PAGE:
We know from earlier outbreaks, such as the Cedar Meats cluster in Melbourne, that COVID-19 can be brought under control. However, that outbreak happened when there were still significant restrictions on movement and gathering sizes.

The current outbreak in NSW is occurring after a period of relative complacency, and against a background of increased social interactions and relaxed restrictions.

In Victoria, restrictions were reintroduced in response to the current outbreak. Initially these “stay at home” directions applied to selected postcodes, but were subsequently extended to the whole of metropolitan Melbourne and Mitchell Shire.

As the cases detected now are a result of infections up to two weeks ago, it is still too early to see the full effect of these restrictions. The rate of new cases does appear to be plateauing amid ongoing high levels of testing. However, the government has not ruled out limiting movement even further.

Lockdown is hard, and can have adverse effects on mental and physical health, on people’s livelihoods, and on the prospects of businesses that have only recently reopened.

There is also the question of whether people will comply with prolonged or repeated restrictions.

Mobility data shows that levels of compliance with social distancing waned as the first wave was brought under control, even before restrictions were formally eased. It is hard to tell whether this was driven mainly by a reduced perception of risk by the public, or by a growing weariness of isolation and social distancing.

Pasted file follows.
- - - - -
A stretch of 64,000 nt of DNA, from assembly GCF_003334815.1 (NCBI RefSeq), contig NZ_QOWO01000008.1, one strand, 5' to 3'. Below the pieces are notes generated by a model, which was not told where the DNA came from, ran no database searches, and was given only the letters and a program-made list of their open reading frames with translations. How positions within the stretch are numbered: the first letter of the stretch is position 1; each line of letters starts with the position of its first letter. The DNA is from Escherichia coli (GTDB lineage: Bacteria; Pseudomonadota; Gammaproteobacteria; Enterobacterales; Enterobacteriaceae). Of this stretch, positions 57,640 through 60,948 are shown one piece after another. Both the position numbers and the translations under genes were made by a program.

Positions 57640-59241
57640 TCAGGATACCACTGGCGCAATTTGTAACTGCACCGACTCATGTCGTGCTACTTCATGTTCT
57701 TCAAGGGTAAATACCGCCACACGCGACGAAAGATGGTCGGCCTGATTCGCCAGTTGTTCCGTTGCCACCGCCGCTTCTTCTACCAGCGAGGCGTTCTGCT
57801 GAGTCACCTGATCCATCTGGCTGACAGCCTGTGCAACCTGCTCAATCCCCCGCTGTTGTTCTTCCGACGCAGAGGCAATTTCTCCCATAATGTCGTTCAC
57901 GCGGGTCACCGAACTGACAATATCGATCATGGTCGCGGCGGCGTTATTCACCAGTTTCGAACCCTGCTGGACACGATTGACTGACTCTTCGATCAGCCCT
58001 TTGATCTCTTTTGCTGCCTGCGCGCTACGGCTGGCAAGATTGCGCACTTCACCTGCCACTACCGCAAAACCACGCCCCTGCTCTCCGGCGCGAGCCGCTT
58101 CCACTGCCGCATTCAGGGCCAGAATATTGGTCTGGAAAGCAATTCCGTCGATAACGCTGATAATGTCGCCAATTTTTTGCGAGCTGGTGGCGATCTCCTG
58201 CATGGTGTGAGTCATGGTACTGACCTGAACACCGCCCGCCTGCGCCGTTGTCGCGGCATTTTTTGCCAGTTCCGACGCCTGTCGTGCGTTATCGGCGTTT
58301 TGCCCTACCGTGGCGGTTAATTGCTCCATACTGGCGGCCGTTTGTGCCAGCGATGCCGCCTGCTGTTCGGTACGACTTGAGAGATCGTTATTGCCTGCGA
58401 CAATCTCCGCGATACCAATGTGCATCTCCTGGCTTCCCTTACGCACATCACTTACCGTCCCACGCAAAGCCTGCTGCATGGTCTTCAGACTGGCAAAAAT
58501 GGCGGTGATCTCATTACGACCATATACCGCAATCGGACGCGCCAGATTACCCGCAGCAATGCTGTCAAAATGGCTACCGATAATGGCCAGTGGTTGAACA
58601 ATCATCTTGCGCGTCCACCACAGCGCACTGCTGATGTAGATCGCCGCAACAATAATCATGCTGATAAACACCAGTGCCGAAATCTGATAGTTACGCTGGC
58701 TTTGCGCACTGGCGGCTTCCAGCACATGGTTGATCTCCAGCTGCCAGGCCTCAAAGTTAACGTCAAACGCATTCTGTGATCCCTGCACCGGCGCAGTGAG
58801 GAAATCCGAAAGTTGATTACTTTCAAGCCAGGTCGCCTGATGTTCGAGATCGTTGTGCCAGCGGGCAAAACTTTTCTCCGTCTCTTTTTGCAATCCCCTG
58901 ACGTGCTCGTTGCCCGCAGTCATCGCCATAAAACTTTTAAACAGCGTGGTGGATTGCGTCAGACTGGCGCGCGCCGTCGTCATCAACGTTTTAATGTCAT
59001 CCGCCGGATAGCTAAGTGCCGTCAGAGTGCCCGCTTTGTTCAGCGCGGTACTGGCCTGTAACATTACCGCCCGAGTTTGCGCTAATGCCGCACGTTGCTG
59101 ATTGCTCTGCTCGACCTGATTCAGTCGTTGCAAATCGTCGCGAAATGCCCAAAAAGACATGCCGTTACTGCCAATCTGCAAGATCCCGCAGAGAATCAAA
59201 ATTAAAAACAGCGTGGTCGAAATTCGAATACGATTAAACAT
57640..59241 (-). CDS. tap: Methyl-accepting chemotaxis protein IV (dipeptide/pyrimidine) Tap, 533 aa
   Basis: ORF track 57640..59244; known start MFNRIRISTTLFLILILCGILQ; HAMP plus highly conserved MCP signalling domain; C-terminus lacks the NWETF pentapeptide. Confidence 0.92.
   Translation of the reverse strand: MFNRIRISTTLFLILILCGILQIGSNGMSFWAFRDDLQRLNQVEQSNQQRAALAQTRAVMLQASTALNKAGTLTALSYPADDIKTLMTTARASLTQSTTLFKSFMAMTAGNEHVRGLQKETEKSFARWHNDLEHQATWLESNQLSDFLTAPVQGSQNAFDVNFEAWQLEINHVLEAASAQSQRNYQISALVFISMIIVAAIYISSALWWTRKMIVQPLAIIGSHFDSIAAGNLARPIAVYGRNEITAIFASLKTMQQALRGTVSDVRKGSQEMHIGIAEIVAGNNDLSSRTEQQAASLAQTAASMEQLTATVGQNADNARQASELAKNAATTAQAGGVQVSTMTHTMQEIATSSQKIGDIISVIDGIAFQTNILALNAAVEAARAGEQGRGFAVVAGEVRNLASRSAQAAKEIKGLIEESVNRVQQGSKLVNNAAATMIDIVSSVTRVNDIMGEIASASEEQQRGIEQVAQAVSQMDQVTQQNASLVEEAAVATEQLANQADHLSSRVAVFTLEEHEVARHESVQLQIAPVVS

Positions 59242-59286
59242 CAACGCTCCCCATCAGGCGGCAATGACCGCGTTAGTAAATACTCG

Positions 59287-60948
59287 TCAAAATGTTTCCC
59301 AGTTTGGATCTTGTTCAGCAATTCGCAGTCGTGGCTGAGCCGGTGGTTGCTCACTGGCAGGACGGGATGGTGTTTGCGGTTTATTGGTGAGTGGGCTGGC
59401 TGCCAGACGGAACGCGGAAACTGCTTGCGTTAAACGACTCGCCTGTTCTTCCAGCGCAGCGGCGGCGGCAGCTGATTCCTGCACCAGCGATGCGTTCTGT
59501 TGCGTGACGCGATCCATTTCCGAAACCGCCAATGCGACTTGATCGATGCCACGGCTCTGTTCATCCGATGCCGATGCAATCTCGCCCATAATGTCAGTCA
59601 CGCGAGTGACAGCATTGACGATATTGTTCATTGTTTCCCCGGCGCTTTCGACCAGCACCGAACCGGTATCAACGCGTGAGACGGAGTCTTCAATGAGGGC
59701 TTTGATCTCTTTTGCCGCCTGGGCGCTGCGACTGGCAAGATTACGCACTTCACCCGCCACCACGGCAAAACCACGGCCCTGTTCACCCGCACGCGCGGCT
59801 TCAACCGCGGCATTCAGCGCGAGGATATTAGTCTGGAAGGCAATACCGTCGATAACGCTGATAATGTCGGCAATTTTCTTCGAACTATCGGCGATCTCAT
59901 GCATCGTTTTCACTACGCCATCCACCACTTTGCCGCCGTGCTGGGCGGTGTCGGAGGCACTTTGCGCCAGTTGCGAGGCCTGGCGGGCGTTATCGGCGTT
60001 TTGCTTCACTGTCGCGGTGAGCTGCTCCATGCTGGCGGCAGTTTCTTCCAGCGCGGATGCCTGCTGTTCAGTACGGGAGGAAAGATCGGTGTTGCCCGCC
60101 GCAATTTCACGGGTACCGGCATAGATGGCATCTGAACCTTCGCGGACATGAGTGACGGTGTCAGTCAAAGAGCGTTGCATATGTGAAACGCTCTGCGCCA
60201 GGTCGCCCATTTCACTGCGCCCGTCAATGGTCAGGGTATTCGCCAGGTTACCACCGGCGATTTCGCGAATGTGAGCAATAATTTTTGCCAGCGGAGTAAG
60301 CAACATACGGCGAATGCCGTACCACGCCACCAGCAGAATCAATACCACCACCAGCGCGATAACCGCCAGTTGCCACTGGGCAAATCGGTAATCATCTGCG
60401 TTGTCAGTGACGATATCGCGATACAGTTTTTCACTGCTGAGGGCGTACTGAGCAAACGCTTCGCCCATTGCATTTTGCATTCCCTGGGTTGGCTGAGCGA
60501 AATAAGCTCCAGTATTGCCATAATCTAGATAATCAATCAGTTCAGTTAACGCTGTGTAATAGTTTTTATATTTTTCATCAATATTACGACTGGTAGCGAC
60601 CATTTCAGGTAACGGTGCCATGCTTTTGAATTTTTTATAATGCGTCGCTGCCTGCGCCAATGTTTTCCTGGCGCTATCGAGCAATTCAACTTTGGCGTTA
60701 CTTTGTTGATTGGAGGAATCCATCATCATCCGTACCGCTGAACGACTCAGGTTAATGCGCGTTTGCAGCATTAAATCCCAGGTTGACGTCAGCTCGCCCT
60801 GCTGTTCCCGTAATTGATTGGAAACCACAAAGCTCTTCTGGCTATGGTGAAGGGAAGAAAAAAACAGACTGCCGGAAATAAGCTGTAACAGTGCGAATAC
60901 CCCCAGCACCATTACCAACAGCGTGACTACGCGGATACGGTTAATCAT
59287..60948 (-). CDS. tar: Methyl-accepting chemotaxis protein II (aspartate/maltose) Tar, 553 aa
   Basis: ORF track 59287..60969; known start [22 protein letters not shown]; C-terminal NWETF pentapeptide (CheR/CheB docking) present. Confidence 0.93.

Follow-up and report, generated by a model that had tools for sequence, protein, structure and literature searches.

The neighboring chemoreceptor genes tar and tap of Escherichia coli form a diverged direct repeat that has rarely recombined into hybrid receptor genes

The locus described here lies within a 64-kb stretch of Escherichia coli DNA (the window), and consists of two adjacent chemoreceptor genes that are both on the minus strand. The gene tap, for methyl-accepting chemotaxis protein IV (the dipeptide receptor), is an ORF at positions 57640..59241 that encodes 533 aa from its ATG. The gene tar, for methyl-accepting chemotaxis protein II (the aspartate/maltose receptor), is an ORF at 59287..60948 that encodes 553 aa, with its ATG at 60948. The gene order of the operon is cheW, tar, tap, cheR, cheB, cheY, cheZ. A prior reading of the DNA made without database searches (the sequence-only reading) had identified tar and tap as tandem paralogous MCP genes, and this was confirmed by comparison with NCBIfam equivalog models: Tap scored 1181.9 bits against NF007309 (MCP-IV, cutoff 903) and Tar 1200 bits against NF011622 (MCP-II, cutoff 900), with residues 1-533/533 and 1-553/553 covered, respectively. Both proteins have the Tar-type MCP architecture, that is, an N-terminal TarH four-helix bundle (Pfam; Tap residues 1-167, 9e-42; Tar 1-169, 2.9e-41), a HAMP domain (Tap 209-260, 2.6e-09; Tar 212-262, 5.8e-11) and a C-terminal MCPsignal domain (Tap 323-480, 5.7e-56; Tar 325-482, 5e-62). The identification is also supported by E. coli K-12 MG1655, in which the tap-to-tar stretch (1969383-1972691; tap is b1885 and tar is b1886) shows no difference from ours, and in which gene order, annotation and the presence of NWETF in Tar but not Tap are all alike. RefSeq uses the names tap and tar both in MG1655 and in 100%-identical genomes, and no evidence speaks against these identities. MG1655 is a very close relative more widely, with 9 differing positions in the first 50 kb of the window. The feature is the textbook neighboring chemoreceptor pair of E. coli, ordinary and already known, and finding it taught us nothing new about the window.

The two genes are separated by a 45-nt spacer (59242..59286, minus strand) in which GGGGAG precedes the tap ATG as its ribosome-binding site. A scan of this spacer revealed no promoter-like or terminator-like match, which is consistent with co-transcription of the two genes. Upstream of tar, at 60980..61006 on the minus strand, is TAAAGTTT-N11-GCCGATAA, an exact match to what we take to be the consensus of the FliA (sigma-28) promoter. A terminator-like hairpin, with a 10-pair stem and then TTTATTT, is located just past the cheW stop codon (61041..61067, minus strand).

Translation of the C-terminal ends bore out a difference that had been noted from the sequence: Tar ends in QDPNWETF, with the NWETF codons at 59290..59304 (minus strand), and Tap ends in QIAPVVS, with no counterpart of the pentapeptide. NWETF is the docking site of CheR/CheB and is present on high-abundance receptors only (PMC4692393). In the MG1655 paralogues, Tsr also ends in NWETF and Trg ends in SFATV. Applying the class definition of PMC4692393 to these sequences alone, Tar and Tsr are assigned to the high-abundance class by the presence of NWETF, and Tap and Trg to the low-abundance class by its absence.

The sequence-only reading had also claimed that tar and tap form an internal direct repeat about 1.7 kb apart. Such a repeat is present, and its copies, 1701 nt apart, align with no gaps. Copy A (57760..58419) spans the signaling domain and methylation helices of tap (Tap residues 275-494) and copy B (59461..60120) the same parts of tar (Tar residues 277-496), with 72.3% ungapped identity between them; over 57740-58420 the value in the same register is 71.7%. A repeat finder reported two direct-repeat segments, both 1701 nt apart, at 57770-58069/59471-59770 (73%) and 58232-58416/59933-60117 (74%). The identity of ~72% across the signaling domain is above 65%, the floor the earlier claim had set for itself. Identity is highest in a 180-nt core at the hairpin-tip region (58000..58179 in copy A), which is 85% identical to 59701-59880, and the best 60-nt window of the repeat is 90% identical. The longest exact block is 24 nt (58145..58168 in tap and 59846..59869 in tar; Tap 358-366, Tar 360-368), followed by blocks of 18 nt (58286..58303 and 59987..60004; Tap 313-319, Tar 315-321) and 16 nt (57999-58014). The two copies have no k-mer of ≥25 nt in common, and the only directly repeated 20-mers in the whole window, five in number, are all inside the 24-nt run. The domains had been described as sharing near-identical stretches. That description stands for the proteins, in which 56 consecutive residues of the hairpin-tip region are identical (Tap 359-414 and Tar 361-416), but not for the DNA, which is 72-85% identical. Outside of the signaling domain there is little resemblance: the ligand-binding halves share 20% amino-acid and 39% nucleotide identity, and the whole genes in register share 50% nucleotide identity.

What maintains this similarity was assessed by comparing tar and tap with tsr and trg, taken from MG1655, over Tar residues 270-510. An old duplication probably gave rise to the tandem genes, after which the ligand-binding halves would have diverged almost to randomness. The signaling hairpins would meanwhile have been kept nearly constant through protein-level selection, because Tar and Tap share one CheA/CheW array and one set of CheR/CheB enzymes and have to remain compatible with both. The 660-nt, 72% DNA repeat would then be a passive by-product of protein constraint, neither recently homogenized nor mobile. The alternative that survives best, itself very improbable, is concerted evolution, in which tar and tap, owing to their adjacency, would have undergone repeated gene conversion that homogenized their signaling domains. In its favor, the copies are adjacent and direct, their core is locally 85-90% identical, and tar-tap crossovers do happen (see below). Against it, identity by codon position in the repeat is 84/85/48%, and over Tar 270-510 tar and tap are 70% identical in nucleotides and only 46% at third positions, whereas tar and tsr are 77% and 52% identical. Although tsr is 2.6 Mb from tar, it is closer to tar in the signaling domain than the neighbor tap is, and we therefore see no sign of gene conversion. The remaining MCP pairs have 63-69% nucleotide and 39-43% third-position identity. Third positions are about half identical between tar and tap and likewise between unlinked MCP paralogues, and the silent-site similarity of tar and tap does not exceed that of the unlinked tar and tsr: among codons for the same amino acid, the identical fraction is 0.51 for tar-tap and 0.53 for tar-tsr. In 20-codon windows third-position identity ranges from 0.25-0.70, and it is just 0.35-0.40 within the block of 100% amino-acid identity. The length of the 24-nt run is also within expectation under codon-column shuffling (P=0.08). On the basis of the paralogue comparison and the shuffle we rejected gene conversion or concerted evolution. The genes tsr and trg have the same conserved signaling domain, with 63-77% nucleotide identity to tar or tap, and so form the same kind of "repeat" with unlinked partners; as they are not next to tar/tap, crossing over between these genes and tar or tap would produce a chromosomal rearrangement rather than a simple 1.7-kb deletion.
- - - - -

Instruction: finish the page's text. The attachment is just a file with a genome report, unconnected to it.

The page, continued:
It has become apparent that some aspects of Victoria’s response could have been improved. Communication with culturally and linguistically diverse populations is important, to ensure everyone understands what they are being asked to do and why. It is vital people are supported to self-isolate, get tested, and stay away from work, and Victoria has recently introduced a Worker Support Payment for this purpose.

What’s next for NSW?

The main question facing Sydney is whether it will be necessary to return to lockdown as Melbourne has done, or whether a less disruptive solution will prove sufficient.

The success of many states and territories in maintaining very low case numbers has prompted suggestions Australia should pursue an elimination strategy. But this will almost certainly require more widespread lockdowns.

NSW has ruled out a return to lockdown but has left the door open for increasing restrictions to continue suppressing the virus.

Melbourne’s experience shows how quickly a handful of cases can turn into a challenging scenario, and highlights the importance of acting quickly and decisively. It also shows that despite the best intentions of less severe or wide-ranging lockdowns, they are not always enough.

Nic Geard, Senior Lecturer, School of Computing and Information Systems, University of Melbourne; Senior Research Fellow, Doherty Institute for Infection and Immunity, University of Melbourne and Deborah Cromer, Senior Research Fellow, UNSW

This article is republished from The Conversation under a Creative Commons license. Read the original article.